This editor admits that after a few weeks not working on the blog, I felt rather rusty, and a bit terrified. Rusty because I had forgotten some of the codes for maintaining the writers’ blog, and terrified because this blog represents the creativity and love for words of many writers in the Storymoja community, and I would loathe to misrepresent it.
So, I sat for almost an hour trying to figure out what to say here. Fortunately the TV was on, and the remote control close enough for me to manipulate from the living room couch where I am held hostage.[I will parlay on this opportunity to elicit sympathy by declaring that I have been quite ill for a while, but Storymoja in the spirit of celebrating writers and creating jobs for the youth, considered me both a writer and a youth, and allowed me to continue doing my job from home, and sometimes the hospital bed.]
My job in this instance is to be part of this community celebrating writers, young and old, new and old, aspiring and established, and to help them find a forum for creative growth, positive critique and stimulating discussion. You can see why I would be anxious to find the right words.
Back to the TV, I was able to tune in to one of the channels airing the Parliamentary proceedings. And imagine that, there I found inspiration from our Members of Parliament.
You see, politicians and indeed Senior Counsels, have the gift, perhaps curse, depending on which side you look at it, of using words in speech, to humor, to lie blatantly, to confuse, occasionally to push for truth, justice and good will, but mostly to safeguard their own interests.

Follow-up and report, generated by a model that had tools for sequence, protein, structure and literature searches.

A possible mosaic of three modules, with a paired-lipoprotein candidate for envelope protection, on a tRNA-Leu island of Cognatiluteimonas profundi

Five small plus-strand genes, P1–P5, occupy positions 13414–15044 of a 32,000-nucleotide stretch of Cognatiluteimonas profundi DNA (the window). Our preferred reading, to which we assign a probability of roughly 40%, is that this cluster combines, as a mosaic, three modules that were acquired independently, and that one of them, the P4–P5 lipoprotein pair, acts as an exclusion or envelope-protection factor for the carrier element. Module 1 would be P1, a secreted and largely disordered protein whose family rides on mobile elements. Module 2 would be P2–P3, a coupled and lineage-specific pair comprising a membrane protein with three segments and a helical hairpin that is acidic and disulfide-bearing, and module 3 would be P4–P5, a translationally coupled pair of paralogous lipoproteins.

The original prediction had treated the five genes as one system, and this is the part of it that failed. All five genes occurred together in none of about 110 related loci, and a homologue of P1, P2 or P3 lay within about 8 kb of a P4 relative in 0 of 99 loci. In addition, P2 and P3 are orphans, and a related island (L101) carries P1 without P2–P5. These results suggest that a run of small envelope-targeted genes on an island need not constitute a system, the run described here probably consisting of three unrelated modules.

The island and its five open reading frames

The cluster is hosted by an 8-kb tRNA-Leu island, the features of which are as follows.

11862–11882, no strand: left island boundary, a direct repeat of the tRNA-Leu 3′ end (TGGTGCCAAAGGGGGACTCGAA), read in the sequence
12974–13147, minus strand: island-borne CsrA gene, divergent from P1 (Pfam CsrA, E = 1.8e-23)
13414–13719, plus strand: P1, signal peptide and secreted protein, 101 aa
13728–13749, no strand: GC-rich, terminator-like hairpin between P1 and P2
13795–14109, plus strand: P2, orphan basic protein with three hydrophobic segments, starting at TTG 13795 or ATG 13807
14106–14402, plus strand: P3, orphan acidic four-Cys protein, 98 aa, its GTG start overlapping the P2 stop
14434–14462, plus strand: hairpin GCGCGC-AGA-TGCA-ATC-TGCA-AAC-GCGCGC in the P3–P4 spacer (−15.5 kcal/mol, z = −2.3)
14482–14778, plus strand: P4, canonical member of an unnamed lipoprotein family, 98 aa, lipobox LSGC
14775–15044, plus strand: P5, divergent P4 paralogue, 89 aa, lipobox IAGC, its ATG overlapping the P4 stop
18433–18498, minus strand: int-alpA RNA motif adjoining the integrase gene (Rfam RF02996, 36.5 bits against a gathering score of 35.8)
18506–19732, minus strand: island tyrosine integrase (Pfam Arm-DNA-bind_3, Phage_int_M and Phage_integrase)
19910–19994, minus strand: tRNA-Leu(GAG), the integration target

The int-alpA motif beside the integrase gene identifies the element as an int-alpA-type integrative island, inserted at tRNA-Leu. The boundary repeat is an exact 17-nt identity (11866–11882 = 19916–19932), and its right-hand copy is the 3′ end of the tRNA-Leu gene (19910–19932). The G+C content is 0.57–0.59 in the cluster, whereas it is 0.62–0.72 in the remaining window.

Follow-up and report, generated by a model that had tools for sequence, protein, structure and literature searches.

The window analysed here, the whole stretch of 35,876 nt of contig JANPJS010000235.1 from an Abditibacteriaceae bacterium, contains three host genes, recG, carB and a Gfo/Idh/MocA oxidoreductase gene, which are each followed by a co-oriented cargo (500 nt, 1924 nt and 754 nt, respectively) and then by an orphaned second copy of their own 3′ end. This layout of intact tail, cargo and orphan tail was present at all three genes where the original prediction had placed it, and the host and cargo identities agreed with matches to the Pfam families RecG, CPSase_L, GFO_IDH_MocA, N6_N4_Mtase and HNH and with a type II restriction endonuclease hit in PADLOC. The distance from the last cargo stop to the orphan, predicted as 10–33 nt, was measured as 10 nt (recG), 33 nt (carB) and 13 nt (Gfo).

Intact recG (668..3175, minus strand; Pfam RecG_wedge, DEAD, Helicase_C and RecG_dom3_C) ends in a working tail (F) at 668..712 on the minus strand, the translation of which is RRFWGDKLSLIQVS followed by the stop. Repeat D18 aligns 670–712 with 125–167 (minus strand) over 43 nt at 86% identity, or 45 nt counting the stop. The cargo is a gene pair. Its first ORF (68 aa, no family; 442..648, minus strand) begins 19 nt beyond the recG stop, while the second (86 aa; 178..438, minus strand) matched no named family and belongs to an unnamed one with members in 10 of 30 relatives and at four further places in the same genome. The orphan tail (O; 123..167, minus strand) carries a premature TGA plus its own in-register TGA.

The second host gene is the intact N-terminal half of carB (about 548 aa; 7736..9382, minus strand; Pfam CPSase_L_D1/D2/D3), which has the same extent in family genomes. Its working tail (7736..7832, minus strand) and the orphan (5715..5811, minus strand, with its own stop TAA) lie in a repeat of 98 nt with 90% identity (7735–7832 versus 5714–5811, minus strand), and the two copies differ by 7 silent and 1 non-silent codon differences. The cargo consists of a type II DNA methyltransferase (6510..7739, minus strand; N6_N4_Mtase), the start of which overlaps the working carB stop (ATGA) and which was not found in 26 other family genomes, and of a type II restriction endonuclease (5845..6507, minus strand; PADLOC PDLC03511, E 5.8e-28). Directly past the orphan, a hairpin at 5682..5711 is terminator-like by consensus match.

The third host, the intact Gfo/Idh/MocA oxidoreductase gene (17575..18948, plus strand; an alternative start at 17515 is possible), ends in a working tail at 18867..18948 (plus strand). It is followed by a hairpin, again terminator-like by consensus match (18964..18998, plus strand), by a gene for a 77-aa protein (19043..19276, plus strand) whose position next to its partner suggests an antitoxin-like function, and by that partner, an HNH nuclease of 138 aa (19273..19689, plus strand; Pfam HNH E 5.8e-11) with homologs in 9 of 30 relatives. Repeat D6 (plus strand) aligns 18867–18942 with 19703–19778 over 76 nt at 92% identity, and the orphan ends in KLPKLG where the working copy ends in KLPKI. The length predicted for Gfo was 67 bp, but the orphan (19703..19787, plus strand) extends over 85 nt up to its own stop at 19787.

Watching how they use words, it occurred to me that writers have almost as much power. Writers have the capacity to draw their readers, to create virtual friendships, and allied forces, to create laughter, to expose lies, to make things clear, and I hope that always a writer can use words to push for truth, justice and goodwill; be it through social and political commentary, through inspirational or technical material, or through poetry and fiction writing.
That said, I would like to draw your worthy attention to the new rules with regards to the Story of the Week. Beginning now, all stories published on the Storymoja Blog will be eligible for the Crown of Story of the Week. The stories will be posted every Monday. Readers will be encouraged to both critique and vote for the story they believe should wear the crown. At the end of the week, the votes will be tallied and the story with the most votes will posted on the Storymoja Website as the Story of the Week on the Friday of the same week. To have your story in this weekly process please send it to blogsstorymojaafrica.co.ke
This week’s blog come in a little late, but I am absolutely certain that you will enjoy the pieces on showcase as much as I did.
We begin with a bit of a justified rant from further afield, which I hope will stimulate some thoughtful discourse on the role of bloggers, and writers. The Privatisation of the English Language by Leo Babauta.
Frank Midega Odero is roosting, for a Frank Jnr, and working on the incubation with humor and a rather hormonally correct piece. Indeed a bundle of Joy.
Simon Nduati brings us into the world of a young lovelorn man needing help after his beloved intended turns back on him with biological mchongoano. Help!
Stella Riunga opens the door into the mind of a fat woman in the Diary of a Fat Black Woman.
For this week’s political commentary Oluoch Madiang has something to say about Museveni’s Smoking Guns.
Just before I wish you a pleasant week, allow me to remind you that if you would like your story in next week’s blog, you need to send it to blogsstorymojaafrica.co.ke before 4pm on Friday.
Have a great read, and a great week!